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Clin Exp Immunol. Jan 1998; 111(1): 219–224.
PMCID: PMC1904851

Inverse modulation of IL-10 and IL-12 in the blood of women with preneoplastic lesions of the uterine cervix


It has been postulated that an impaired immune response may contribute to the progression of human papillomavirus (HPV)-associated preneoplastic lesions. Based on this hypothesis, we evaluated the cytokine production in the blood of patients with squamous intraepithelial lesions (SIL) of the uterine cervix. The levels of type-1 (interferon-gamma (IFN-γ) and IL-12) and type-2 (IL-4 and IL-10) cytokines were measured in whole blood culture supernatants of patients with low- and high-grade SIL and control women. There was no difference in IL-4 and IFN-γ levels between patients with SIL and the control group. In contrast, the ratio of IL-12/IL-10 levels was significantly lower in patients with SIL compared with the control group. A lower IL-12/IL-10 ratio in women with SIL was also observed when peripheral blood mononuclear cell (PBMC) culture supernatants and plasma samples were analysed. In patients, neither the lower expression of the CD3ε chain nor the higher frequency of HLA-DRB1*1501 expression could be correlated with abnormal cytokine production. These results suggest that a part of the cytokine network, namely IL-10 and IL-12, is perturbed in patients with SIL. A better knowledge of the role of these cytokines in regulating the growth of HPV-associated SIL might have practical implications for the development of vaccines or immunomodulatory strategies in the treatment of cervical cancers.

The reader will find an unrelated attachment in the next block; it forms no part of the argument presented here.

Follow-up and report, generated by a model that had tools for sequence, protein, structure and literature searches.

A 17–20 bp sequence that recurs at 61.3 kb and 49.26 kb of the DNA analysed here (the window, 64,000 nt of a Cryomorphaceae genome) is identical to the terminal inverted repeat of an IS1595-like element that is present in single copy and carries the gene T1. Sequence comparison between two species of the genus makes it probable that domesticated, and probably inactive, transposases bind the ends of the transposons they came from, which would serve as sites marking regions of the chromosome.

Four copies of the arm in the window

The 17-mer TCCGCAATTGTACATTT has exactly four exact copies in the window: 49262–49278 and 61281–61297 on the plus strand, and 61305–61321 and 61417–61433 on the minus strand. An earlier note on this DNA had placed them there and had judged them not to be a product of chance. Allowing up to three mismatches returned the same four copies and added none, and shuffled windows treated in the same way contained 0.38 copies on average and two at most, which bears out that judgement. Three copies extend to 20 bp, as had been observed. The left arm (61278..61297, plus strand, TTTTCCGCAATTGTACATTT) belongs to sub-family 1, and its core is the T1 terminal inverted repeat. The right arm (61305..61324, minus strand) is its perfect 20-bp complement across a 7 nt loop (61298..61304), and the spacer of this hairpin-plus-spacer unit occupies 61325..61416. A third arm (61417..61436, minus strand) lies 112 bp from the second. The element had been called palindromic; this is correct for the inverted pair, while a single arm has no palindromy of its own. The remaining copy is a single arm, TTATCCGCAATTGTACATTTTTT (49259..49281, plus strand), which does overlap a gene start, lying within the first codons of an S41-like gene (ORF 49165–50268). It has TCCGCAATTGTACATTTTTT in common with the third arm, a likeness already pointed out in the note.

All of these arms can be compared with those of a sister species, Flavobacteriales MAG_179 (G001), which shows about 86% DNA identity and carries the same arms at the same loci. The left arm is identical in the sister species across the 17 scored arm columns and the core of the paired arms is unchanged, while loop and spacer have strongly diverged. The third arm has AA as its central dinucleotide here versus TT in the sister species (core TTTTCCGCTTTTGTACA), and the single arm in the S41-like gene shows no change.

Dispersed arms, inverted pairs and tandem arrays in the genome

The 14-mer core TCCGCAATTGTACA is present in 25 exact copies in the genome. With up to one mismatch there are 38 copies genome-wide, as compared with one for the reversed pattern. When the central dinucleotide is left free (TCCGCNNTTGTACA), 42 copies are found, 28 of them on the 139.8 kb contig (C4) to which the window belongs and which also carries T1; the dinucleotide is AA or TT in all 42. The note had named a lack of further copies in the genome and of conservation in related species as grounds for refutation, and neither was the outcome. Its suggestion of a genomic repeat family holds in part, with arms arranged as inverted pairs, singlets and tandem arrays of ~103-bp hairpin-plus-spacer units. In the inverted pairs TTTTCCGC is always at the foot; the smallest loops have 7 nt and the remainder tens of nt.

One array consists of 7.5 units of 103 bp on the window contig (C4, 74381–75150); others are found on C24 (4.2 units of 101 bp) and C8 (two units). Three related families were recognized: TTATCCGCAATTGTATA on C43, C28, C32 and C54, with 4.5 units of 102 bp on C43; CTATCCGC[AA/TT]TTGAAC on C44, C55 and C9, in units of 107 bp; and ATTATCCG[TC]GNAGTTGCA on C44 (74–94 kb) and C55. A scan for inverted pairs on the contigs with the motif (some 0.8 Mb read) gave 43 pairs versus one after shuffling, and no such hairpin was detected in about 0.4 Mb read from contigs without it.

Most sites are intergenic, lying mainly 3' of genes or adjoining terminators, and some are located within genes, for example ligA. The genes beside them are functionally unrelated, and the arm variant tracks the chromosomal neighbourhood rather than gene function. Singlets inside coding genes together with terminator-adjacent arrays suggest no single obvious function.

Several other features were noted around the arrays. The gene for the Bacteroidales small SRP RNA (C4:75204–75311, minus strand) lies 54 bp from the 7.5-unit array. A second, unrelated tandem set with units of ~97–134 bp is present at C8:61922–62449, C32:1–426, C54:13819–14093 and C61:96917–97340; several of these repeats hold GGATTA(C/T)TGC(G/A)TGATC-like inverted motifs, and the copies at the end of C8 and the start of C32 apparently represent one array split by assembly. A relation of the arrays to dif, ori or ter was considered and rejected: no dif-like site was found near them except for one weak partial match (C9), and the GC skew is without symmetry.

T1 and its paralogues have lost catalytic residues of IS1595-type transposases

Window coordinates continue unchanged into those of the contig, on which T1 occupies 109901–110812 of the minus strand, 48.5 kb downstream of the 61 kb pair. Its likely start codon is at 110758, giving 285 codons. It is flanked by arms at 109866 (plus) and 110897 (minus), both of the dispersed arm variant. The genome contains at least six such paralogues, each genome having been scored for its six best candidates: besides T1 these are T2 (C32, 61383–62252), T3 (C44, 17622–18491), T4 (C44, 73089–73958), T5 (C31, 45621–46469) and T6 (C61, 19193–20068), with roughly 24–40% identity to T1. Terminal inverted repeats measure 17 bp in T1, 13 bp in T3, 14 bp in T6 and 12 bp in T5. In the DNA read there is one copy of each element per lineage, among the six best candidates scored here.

Keywords: IL-10, IL-12, cervical squamous intraepithelial lesion, human papillomavirus, blood culture


Cervical cancer is the second leading cause of cancer mortality in women worldwide [1]. There is a great interest in studying the factors influencing tumour progression. Preneoplastic stages, so-called squamous intraepithelial lesions (SIL) [2], of cervix cancer are well defined in this type of tumour. One of the factors associated with cervical neoplasia is the human papillomavirus (HPV) infection. More than 90% of cervical cancers contain HPV DNA sequences [3], but HPV infection is not sufficient for the acquisition of the fully transformed cell phenotype. Other factors intrinsic to the host contribute to the process of tumourigenesis. For example, it has been demonstrated that immunodeficiency is associated with a rapid progression of cervical cancer [4, 5]. In this context, the general or local immune status might play a key role in regulating the growth of HPV-transformed cells. In particular, cell-mediated immunity is important in controlling both HPV infections and HPV-associated neoplasms [6].